Another instrument! Are you kidding? For those who have found learning just one instrument challenging, it may seem counter-intuitive to pick up a second, let alone a third. But there are benefits to doing just that. Today’s blog looks at some of these benefits, illustrated by a bit of my personal journey in music.
Making the instrument one’s own
When I went from playing the violin to learning the double bass, it was a significant moment in my musical journey. The violin was always my sister Helen’s instrument, and she was winning prizes and playing in the National Youth Orchestra at 16, while I was barely beginning to play my first pieces at the piano 10 years behind her. With that age difference I was in awe of her and it seemed I could never be that good, and I certainly didn’t sound good when I started playing. I really wanted to play in an orchestra and knew my violin playing was more scratch than being up to it. So, in my early teens I looked around the house (there were instruments everywhere – my parents hired them out) to see what I might learn with a view to playing in an orchestra soon. Two instruments caught my attention: the trombone and the double bass. Figuring that a bass player was going to get more playing time in an orchestra, I chose that.
Now my goal of playing in an orchestra seemed a little more reachable as I discovered that double bass players are in relatively short supply. I found new motivation to practice much more diligently than I had on the violin. My practice had a purpose and a goal to aim for. New challenges were not seen as huge mountains, but as a means to an end and I simply took them on.
Transferable skills – from the first instrument to the new one
Almost immediately I felt that I had come home. Having already learned how to play the violin, there were some useful skills that I could transfer to my new toy. Holding the bow was similar and the idea of pressing strings to change notes was all familiar. I could read the bass line from having learned to play the piano, so with both piano and violin skills I jumped ahead much more quickly than starting with the bass as my first instrument.
There are so many different sorts of transferable skills when you learn another instrument. Here are a couple of examples that come to mind. I’m sure you can think of others.
- Learning chords on a guitar can help you learn more about the use of chords at the piano (and vice versa).
- Learning about phrasing on a wind instrument helps you realise music needs to have natural breathing places that those who don’t play a wind instrument are less aware of.
Transferable skills – from the newer instrument back to the first
New skills learned on the new instrument can breathe new life into your experience of other previously learned instruments. An example of this for me was when I took up the ‘cello. I now found that, even when playing the bass, I was more aware of how to play the melodic lines better.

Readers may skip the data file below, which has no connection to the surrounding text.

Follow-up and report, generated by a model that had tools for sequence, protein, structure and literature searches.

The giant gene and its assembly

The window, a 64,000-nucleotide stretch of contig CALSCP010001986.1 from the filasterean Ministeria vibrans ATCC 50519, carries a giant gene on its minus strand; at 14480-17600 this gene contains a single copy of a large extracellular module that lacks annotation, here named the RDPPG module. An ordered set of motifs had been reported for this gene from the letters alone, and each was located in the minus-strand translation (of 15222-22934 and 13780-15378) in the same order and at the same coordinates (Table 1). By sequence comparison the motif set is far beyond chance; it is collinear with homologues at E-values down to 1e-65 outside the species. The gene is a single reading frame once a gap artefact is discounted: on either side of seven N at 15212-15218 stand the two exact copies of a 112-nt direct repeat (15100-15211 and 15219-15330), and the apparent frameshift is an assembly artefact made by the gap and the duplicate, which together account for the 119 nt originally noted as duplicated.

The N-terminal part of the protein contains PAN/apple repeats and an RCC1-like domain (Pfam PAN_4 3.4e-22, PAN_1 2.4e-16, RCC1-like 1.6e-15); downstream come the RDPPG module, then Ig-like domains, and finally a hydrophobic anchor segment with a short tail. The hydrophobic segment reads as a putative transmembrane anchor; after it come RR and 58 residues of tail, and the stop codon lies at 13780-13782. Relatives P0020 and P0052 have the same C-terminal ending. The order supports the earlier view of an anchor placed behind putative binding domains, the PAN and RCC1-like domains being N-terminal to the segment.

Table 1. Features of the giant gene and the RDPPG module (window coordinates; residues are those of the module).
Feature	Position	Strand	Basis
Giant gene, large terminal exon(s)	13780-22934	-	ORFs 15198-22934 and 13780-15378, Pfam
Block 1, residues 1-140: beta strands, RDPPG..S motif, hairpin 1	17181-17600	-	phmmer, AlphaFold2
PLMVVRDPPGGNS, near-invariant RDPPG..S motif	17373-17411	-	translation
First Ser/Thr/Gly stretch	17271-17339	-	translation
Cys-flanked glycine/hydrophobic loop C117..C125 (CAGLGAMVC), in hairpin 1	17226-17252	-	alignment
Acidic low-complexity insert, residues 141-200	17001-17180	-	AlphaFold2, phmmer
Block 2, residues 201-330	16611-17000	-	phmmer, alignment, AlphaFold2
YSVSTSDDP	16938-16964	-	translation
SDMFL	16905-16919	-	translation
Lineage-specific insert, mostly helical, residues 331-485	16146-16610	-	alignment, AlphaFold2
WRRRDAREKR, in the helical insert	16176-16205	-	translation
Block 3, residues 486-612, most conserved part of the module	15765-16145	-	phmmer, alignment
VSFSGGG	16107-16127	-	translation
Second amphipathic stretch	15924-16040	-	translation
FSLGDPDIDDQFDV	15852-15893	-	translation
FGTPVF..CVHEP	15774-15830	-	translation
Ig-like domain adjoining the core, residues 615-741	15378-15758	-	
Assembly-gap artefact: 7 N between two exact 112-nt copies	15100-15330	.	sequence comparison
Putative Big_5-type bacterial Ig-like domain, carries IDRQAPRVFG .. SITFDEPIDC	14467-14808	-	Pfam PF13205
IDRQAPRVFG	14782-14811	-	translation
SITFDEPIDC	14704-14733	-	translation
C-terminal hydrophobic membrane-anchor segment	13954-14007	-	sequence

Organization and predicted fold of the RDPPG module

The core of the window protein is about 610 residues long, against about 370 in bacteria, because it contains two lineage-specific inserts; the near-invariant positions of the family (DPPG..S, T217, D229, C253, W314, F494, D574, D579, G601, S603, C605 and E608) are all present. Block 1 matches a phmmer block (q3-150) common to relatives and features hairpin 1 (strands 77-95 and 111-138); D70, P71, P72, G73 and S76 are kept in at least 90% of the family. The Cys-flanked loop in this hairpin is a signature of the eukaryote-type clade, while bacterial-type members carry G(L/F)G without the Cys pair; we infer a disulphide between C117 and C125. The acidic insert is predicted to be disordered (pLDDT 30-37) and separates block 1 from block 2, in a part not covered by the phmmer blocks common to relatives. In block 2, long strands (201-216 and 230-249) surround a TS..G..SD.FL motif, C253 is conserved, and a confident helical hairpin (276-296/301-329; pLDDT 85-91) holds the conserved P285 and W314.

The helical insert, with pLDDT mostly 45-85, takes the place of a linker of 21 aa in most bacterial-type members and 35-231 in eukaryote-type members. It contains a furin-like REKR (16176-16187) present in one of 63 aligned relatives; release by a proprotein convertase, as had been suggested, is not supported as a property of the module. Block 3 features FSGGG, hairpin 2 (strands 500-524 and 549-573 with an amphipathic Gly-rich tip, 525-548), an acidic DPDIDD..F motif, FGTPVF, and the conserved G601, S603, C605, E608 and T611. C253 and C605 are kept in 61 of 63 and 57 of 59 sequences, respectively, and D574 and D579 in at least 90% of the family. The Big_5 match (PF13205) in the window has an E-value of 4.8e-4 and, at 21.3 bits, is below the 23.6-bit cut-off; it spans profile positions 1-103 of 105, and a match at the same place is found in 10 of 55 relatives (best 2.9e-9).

Another example was learning to play string vibrato. I just couldn’t do it effectively on the violin. The angle of it seemed so difficult, but I knew this would improve the sound. So, when I was getting confident on the bass, I learned how to do vibrato much earlier in my learning. The result was that I enjoyed the variation in sound and tone colour so much more. Then, when I went back to the violin, it was not nearly as difficult and I am much happier on the violin than I used to be. (Even so, you won’t catch me playing it when my big sister is around!)
What is difficult in one instrument may be easier on another
The last example (string vibrato) also exemplifies this point.
As another example: if you have already learned to read music as a pianist, taking up a melody instrument (and therefore reading a single stave) is a delight. You can take the time to focus on the technical aspects and really get good at the sound you are making, rather than having to learn the process of reading music as well.
Experiencing music in social groups
Being able to play another instrument opened up for me a range of other musical experiences that just playing the piano didn’t provide. Pianists can experience this in a measure by playing for choirs, chamber groups or playing in church music groups, but there is something special about coming together with 60 other musicians playing a whole range of instruments, all having a particular part to play that combined makes up one big sound.
Playing the bass has the advantage of often playing the relatively easy, but very important parts while enjoying and admiring the music coming from the hard work of others! I was at an orchestra rehearsal this week doing just that, thinking what a privilege. But mind you, the hard working flute players were also enjoying it and likely glad they don’t have to lug a double bass around!
This by no means exhausts the subject of why it is good to take up another instrument, but I hope some of my personal experiences show that doing it enhances your whole experience of music and so much is gained from it. If you ever feel there is lacklustre in your or your child’s one instrument experience, maybe think about whether it is the right time to take on another one.